Friday, May 6, 2016

Trump Needs the Republican Party More Than the Republican Party Needs Him

By Michael S. Rozeff

The Republican Party will not fall apart or split up because Trump is an outsider who gets nominated. It’s an organization that’s been around for a long time, and any such organization tends to persist through thick and thin. Why should it fail over one election when it has money, many operatives, state organizations, and a controlling set of figures not only in state houses and state legislatures but nationally. This organization is a very valuable entity to them, and they’re not about to see it go under. Trump needs the Republican organization more than they need him if he is to make a viable run for the presidency. When major party figures like Paul Ryan who control this organization do not endorse Trump or hold out for concessions from him, it’s because they want something from him. Any “reaching out” he does to them shows his weaker bargaining position. Any naming by him of a standard Republican for VP, like Newt Gingrich, again shows he needs them. Trump will be controlled and channeled where it counts or he will have no chance. He will shift his political positions. In subtle ways, he will start to emphasize more traditional Republican themes. He can’t afford to run an entire campaign on his own or build a new grassroots movement. The party has the bargaining power of placing the machine at his disposal, without which he has no chance. These pols prefer to lose this election than see Trump take over the party. This is because they have vested interests. They can work with a Democrat in the presidency while retaining their own lesser elected positions and their posts in the party. I believe all of this and more is reflected in the current election probability that makes Clinton the favorite.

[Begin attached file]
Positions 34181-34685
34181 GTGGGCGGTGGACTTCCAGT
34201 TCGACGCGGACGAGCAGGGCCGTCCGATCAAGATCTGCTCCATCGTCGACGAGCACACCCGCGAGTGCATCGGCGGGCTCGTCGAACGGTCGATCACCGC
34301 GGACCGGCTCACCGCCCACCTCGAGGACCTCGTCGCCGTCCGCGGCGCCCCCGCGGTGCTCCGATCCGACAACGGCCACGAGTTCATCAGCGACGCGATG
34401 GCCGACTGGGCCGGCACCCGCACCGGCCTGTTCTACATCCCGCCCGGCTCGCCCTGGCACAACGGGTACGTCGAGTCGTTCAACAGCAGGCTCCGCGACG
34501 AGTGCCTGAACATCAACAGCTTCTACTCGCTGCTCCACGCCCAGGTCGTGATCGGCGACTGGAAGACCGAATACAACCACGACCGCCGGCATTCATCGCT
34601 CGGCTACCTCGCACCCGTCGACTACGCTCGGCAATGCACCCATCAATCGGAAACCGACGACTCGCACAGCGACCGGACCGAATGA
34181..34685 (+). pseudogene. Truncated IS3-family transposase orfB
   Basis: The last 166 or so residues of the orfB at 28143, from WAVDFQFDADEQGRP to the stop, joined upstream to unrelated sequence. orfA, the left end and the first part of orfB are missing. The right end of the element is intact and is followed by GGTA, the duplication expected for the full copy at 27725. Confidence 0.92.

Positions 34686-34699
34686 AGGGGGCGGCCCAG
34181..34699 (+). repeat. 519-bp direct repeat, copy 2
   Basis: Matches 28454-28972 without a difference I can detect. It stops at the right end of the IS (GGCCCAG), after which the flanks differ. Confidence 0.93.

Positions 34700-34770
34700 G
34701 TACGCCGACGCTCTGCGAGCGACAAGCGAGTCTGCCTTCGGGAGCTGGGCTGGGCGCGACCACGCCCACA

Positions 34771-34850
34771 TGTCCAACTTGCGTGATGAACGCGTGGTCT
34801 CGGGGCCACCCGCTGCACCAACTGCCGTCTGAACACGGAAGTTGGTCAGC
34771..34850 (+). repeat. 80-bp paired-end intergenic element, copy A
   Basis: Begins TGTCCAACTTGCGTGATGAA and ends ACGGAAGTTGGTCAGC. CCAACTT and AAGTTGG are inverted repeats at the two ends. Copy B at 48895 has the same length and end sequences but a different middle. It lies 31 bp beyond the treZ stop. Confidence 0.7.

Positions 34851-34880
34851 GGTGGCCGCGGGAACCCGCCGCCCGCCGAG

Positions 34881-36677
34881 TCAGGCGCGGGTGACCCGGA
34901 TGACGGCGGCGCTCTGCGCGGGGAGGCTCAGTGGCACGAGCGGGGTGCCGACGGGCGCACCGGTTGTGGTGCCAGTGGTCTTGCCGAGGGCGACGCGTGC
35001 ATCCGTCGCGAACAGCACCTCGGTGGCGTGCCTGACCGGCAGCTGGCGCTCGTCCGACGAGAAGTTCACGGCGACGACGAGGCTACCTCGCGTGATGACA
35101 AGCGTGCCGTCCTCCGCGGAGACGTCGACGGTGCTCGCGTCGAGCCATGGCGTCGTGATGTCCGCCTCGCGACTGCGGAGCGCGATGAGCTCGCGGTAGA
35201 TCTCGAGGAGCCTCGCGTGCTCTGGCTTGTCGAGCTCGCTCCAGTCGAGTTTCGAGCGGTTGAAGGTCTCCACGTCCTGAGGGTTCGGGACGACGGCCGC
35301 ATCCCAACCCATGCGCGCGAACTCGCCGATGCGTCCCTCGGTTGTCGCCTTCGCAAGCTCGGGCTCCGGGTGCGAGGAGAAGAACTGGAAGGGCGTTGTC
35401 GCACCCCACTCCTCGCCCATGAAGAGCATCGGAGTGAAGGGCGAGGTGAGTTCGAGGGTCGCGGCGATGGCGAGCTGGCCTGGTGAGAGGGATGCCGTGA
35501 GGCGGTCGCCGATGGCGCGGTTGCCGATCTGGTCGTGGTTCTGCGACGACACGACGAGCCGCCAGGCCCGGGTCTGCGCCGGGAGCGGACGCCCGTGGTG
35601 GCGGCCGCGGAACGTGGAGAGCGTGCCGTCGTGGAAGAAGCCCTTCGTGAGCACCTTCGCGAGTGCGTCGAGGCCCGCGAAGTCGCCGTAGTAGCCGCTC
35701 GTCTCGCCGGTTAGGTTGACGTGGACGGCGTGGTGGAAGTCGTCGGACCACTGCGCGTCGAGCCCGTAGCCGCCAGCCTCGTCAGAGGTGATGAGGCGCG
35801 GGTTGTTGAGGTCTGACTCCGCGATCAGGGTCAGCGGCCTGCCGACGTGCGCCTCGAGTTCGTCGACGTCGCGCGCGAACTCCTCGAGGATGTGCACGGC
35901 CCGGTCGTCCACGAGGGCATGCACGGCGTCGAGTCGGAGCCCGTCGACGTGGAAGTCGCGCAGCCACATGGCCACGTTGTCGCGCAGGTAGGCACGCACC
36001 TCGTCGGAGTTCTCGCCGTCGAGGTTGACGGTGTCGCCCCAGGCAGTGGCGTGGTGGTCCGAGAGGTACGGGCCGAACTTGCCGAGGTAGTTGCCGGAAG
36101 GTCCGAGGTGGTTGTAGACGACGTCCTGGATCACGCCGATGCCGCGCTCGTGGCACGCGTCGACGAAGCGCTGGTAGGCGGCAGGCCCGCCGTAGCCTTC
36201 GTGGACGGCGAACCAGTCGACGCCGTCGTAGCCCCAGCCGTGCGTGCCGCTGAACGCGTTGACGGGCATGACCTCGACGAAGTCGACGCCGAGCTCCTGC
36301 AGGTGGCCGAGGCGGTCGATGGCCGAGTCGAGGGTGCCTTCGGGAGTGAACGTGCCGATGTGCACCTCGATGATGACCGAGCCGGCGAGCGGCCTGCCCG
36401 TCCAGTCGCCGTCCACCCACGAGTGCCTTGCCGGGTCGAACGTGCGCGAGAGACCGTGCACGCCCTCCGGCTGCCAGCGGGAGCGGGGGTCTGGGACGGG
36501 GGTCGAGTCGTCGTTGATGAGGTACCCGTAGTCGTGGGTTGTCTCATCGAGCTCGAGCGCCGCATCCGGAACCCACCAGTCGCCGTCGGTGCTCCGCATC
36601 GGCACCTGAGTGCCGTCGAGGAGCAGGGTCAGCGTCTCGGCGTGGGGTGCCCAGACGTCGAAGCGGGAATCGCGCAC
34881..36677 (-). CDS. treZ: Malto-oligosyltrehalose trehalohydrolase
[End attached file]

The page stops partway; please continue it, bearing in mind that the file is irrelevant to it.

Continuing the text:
Many things can happen in the next few months. Trump might have some aces up his sleeve to overcome party divisions that take away from organizational support he needs while building up his own power, overcoming the Old Guard establishment and keeping to his own agenda. The current signals are not in that direction, however, based on three things that have happened recently. They are his “reaching out” effort, his rumored vice-president possibilities with Gingrich in the lead, and some of the bigwig Republicans holding back on endorsing him.

The above originally appeared at

No comments:

Post a Comment